EU to decide soon if will act against Hungary laws
* Raises prospect of lengthy discipline procedure
* Commission's role to ensure national laws respect treaties
BRUSSELS Jan 4 (Reuters) - The European Union plans to decide in the coming days or weeks whether to take action against disputed new laws in Hungary, a spokesman for the EU executive said on Wednesday.
Hungary last week passed laws, including one that critics say threatens the independence of its central bank, which the EU believes may infringe the bloc's basic rules.
European Commission spokesman Olivier Bailly said the Commission had already sent letters to Budapest expressing its concern, and that European commissioners would decide what further action to take.
"The College (of commissioners) will decide in the coming days or weeks when or if there is an infringement, and of course the Commission will act in order to make sure the Hungarian law is in line with EU treaties," Bailly said.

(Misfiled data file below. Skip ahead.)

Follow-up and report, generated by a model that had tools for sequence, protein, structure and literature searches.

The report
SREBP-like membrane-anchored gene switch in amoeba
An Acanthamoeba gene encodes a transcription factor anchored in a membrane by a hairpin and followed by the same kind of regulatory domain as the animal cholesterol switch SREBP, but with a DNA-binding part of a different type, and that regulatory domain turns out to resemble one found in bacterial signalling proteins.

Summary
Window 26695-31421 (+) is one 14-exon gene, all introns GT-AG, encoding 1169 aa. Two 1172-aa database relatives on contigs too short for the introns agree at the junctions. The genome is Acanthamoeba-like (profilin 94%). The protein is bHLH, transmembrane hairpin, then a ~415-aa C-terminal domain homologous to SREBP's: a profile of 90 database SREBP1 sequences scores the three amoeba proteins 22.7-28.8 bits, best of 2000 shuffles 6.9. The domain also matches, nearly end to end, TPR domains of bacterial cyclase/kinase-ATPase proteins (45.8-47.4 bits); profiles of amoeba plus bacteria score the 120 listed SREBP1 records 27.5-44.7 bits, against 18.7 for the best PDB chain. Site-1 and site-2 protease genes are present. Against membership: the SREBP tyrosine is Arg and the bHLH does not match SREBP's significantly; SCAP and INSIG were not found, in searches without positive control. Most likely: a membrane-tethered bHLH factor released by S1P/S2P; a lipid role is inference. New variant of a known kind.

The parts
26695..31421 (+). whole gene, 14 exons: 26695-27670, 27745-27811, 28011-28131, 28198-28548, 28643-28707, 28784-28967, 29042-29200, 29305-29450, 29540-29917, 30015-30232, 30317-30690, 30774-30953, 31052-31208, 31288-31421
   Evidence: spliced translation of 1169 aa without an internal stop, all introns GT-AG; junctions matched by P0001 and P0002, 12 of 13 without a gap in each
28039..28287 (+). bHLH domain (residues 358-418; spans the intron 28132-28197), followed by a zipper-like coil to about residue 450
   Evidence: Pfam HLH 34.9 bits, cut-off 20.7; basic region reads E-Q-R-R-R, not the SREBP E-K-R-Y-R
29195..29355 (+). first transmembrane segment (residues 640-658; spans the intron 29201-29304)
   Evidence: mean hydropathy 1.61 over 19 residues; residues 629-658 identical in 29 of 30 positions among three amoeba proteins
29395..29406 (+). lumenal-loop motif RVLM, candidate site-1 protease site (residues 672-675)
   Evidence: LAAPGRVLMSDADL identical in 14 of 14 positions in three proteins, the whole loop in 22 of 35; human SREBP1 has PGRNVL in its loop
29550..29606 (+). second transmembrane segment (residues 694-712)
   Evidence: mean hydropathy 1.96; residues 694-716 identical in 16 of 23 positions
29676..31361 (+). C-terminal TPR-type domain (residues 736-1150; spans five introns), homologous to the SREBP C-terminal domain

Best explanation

"These new laws have now entered into force, and our concerns remain and they will remain until the Commission has completed its legal assessment."
The issue is thorny for the EU, because it raises the question of how to discipline member states that infringe the bloc's fundamental rules.
The EU imposes stringent requirements on prospective members on issues ranging from economic management to human rights, so that the potential reward of future membership can persuade them to conform.
However, procedures for dealing with suspected infractions by existing member states are lengthy.
If the College sends a letter of formal notice to a member state, it then has two months to clarify its position, Bailly said.
If the Commission then considers this response inadequate, it can send "a reasoned opinion", saying the law contradicts EU treaties and demanding a change within another two months.
If the member state still does not change the law, the Commission can then take it to the European Court of Justice, the EU's highest legal authority, asking the court to condemn the state for non-respect of EU law and possibly also to impose a financial penalty.